Internal combustion engines are here to stay: Volvo Trucks

The race for clean mobility in the commercial vehicle segment has been steadily improving over the years and one of them in the lead is the large Swedish commercial vehicle manufacturer Volvo. Globally, with many countries – including India – aiming to become carbon neutral, the commercial vehicle manufacturer is exploring all possibilities.

In an interaction with Express Mobility, Lars Stenqvist, Executive VP, Volvo Group Trucks Technology & CTO, Volvo says: “In terms of clean mobility, we are strongly committed to the Paris Agreement. We believe it is necessary to decarbonize road transport and infrastructure solutions. That is by 2050, according to the Paris Agreement, but since our vehicles last a long time, we cannot wait until 2049 to deliver trucks that run on clean fuel. On average, our vehicles have been running for over 10 years, so the 2050 target means our internal target is 2040.”

According to him, to achieve this, three technological developments must be in parallel: battery electric vehicles, fuel cell technology and the internal combustion engine (ICE). Although most companies declare the end of ICE vehicles, Volvo (trucks) does not. Stenqvist adds, “We are seeing that in some applications installing renewable fuels will be the ideal solution.”

From a global perspective, Volvo is developing some of those technologies that a few years ago were considered impossible to use in commercial vehicles. The CTO shares: “If you go back and read articles from 5 years ago, there weren’t many people who thought you could drive a battery electric heavy duty truck. And this year we are going into series production for European customers with heavyweights up to 44 tons. We’ve taken the technology to a new level, which means we’ve worked on the batteries to get enough power on board.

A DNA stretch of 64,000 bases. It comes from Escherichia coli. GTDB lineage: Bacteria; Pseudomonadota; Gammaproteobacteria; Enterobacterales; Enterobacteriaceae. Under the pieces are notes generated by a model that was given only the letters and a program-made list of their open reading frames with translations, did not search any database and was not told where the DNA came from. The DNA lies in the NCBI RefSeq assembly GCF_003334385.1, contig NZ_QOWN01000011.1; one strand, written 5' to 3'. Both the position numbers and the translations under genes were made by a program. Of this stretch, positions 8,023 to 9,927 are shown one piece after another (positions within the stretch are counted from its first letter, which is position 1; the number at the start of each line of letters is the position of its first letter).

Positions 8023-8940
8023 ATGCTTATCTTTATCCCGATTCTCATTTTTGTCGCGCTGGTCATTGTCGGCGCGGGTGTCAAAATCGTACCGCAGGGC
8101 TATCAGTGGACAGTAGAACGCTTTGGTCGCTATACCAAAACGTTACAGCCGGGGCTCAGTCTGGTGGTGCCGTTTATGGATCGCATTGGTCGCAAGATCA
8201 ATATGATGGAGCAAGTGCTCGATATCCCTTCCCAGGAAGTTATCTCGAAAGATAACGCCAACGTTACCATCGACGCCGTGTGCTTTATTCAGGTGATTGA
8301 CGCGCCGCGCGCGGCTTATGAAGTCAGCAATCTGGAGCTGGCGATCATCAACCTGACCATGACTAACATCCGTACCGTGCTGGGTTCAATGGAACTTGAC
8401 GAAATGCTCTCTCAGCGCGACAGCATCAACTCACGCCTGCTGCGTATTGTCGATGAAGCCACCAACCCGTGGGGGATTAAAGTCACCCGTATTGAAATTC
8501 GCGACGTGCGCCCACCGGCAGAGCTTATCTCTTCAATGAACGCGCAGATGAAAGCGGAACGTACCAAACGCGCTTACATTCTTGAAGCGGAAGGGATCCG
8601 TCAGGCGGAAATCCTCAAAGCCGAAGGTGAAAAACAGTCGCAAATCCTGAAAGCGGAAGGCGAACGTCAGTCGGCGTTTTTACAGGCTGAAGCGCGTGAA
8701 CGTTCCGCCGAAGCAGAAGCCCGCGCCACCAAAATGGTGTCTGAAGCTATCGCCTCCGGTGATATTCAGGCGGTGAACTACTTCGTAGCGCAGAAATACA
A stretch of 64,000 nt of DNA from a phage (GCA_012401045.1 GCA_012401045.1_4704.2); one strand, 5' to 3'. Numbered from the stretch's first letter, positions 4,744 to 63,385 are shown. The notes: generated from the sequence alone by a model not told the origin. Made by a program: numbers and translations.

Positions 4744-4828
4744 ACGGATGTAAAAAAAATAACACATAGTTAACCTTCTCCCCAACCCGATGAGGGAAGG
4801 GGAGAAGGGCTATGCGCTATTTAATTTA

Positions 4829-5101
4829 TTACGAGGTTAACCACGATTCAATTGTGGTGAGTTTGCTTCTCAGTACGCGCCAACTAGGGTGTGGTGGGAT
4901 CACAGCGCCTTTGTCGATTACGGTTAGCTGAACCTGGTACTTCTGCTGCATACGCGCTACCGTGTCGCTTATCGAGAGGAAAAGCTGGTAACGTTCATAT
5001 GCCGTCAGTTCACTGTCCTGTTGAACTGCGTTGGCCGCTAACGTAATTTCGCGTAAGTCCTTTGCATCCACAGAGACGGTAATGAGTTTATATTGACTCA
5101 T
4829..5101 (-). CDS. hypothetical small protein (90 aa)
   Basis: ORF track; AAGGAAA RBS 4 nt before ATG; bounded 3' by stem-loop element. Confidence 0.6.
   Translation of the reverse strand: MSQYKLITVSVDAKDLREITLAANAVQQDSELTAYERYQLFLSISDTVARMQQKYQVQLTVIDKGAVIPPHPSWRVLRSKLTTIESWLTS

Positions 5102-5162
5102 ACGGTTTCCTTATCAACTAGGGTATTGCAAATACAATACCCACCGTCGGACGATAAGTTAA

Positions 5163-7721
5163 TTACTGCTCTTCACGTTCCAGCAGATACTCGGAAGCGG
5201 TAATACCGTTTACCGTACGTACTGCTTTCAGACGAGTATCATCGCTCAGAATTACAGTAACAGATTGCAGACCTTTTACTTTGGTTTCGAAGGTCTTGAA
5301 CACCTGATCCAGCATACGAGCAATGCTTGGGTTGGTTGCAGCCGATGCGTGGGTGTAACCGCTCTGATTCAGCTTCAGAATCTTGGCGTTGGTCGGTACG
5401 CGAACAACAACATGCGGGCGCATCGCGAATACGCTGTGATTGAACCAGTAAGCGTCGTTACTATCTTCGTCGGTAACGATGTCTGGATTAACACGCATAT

On the subject of fuel cells, the senior manager said that there is no fuel cell that matches Volvo’s requirements in the world. It was in December 2021 that Volvo entered into a JV with one of its long-time competitors, Daimler Trucks, and together they are developing fuel cells. According to the joint venture, the companies will install and operate high-performance public charging networks for battery-electric long-haul trucks and coaches across Europe.

As the two companies continue to compete globally, the collaboration (for fuel cell technology) will be a 50/50 joint venture.

Volvo will start manufacturing the fuel cell trucks for the European market as it sees strong demand there and will slowly move into other markets as demand grows, including India. “There will be production facilities around the world where we will see demand, but the first fuel cell production facility will be in Europe. And that’s the only decision that’s been made so far,” Stenqvist shares.

In fact, when asked about the potential of fuel cell CVs in the Indian market, he says that although there are no immediate plans for fuel cell vehicles locally, “ solutions that are developed in Bangalore are used globally and across product platforms.

On the other hand, he shares that the Volvo-Daimler collaboration does not stop at manufacturing fuel cells, as the two also plan to set up charging infrastructure in Europe. He clarified: “We have no intention of saying that we will be the only ones to provide (the charging infrastructure), but we are the first players at the moment. It is important that we get this going first.

The Swedish CV major says that even if one of its technology centers is based in a particular country, the solutions that will be worked on will be from a global perspective and not limited to the local market.

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